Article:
Grae Drake
Submarine Review

Grae's Rating:

3.0

Dives deep.

Who's In It: Craig Roberts, Yasmin Paige, Noah Taylor, Paddy Considine, Sally Hawkins

The Basics: Oliver Tate (Roberts) faces the universal hardships of growing up--only he is doing it paler, weirder, and probably more British than you did. He has to suffer through school, getting teased, liking girls, and seeing his parents go through marital troubles. It's like The Wonder Years if Winnie liked to set fires and Kevin wore more pea coats. In other words, awesome.

What's The Deal: Movies about kids in high school usually seesaw between nostalgic drivel (17 Again) or terrifyingly raw (Kids), but this movie finds a nice balance straightaway. This is an adaptation of the novel by Joe Dunthorne, and is in the hands of professional (Limey) yukster Richard Ayoade, who made The Mighty Boosh and Garth Marengi's Darkplace both some of the most memorable comedy in recent years. This film absolutely reflects those same sensibilities: it rewards the highly-focused viewer with subtle jokes and details that only get better with age. My only gripe was that towards the end, it got a little bogged down in Reality. I was enchanted by Oliver's version of his world and wanted to stay there longer--but then again, so did he.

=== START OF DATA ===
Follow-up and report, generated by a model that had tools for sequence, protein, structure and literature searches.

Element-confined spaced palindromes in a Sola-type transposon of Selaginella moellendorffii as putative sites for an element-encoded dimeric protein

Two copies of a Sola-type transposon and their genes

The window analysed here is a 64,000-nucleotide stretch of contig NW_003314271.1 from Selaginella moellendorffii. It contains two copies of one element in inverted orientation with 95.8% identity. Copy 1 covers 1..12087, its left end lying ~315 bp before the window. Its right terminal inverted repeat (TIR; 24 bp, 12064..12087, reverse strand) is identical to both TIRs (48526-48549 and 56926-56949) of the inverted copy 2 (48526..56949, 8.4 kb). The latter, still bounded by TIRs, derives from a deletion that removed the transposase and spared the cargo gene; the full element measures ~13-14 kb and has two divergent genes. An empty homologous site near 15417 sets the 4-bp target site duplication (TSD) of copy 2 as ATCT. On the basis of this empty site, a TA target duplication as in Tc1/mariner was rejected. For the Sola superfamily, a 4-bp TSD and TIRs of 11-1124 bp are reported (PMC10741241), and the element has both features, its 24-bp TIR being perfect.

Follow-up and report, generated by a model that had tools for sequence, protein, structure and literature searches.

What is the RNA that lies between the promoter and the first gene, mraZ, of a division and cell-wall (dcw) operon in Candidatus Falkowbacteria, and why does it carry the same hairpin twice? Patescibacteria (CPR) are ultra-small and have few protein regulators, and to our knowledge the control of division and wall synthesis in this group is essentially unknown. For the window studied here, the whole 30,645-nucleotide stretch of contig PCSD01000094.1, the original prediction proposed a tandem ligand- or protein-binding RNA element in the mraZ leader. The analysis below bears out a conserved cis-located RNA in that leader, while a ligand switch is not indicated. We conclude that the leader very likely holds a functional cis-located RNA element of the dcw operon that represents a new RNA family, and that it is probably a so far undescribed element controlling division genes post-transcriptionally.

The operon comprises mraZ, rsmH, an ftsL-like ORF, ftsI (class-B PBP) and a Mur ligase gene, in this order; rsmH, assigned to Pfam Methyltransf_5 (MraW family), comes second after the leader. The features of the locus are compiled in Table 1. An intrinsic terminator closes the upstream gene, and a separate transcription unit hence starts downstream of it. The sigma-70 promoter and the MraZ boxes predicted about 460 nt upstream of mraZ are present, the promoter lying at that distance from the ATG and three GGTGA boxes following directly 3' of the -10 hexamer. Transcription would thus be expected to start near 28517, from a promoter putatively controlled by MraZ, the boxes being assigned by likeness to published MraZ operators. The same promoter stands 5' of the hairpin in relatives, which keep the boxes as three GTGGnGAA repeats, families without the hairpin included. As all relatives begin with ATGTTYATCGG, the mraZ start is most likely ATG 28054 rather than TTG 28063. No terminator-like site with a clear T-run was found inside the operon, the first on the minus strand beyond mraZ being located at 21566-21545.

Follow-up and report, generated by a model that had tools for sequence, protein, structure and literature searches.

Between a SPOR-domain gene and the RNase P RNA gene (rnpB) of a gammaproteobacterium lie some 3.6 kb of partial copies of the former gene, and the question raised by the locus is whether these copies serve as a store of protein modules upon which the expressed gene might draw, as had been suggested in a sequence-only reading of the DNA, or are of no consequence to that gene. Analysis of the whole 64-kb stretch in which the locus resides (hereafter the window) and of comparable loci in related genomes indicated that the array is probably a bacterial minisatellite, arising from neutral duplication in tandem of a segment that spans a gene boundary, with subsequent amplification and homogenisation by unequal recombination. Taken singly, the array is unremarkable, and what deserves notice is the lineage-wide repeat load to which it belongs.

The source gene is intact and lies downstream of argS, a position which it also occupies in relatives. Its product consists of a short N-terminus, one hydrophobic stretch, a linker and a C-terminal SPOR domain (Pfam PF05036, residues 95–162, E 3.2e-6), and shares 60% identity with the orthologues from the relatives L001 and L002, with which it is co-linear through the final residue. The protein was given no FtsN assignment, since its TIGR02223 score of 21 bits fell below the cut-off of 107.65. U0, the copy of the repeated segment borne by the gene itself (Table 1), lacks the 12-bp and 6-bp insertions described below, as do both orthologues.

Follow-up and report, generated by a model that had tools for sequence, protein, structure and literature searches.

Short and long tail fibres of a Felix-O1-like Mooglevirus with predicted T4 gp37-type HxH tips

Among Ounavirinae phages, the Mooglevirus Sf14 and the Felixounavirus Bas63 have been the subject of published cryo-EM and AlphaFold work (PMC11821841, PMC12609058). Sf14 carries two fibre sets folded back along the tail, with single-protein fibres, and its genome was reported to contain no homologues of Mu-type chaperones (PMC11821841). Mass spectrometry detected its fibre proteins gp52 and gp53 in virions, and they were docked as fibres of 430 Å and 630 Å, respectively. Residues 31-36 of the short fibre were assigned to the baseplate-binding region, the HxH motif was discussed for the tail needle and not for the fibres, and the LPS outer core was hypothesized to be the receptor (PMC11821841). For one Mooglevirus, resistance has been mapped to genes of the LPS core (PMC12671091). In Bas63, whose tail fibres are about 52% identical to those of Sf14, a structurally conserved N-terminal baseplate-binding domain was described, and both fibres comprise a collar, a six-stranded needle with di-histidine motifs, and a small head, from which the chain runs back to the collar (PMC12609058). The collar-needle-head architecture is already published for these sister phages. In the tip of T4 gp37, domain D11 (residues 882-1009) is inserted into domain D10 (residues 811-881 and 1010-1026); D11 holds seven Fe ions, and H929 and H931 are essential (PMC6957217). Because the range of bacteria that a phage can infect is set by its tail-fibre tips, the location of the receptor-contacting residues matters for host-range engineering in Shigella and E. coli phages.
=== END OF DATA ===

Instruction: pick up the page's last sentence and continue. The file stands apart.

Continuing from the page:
Did You Like Rushmore? If so, you'll probably dig this movie. The parallels between Max Fischer (played by Jason Schwartzman) and Oliver are numerous. They are both obsessed with a girl who they find hauntingly beautiful and represents a "normal" life they want but have little hope of gaining access to (namely, the world of hanging out with Hot Chicks and Getting Lucky). They are brutally honest, and embrace their penchant for being peculiar. Kids may mess with them, but know deep in their hearts that they cannot, nor will they ever, keep up with them in the long run. The good news is, Oliver is less cruel than Max, and his struggle with growing up and doing The Right Thing is painfully visible on his face. It makes him sweet, and reminded me that even though high schoolers can drive cars and babysit, they're still kids.

Grown-Ups Are Dopes: Adults are easy targets in comedies because we're all so lame (it's ok to admit it, you're in a safe place). This movie manages to give us all a good-natured ribbing that walks the line between sophisticated and funny. Paddy Considine, playing new age huckster Graham Purvis, bears the brunt of Oliver's wrath. He is the ex-flame that pops up in their lives and serves as an irritant to an already touchy marriage (we know that it's touchy because Oliver reveals that his parents' overhead light hasn't been dimmed to 50% in 7 months, which means they haven't had sex for that long). Even when the movie takes a turn for the serious, it still has an air of magic and lightness, just like the sparkles tied to the handlebars of their bikes.

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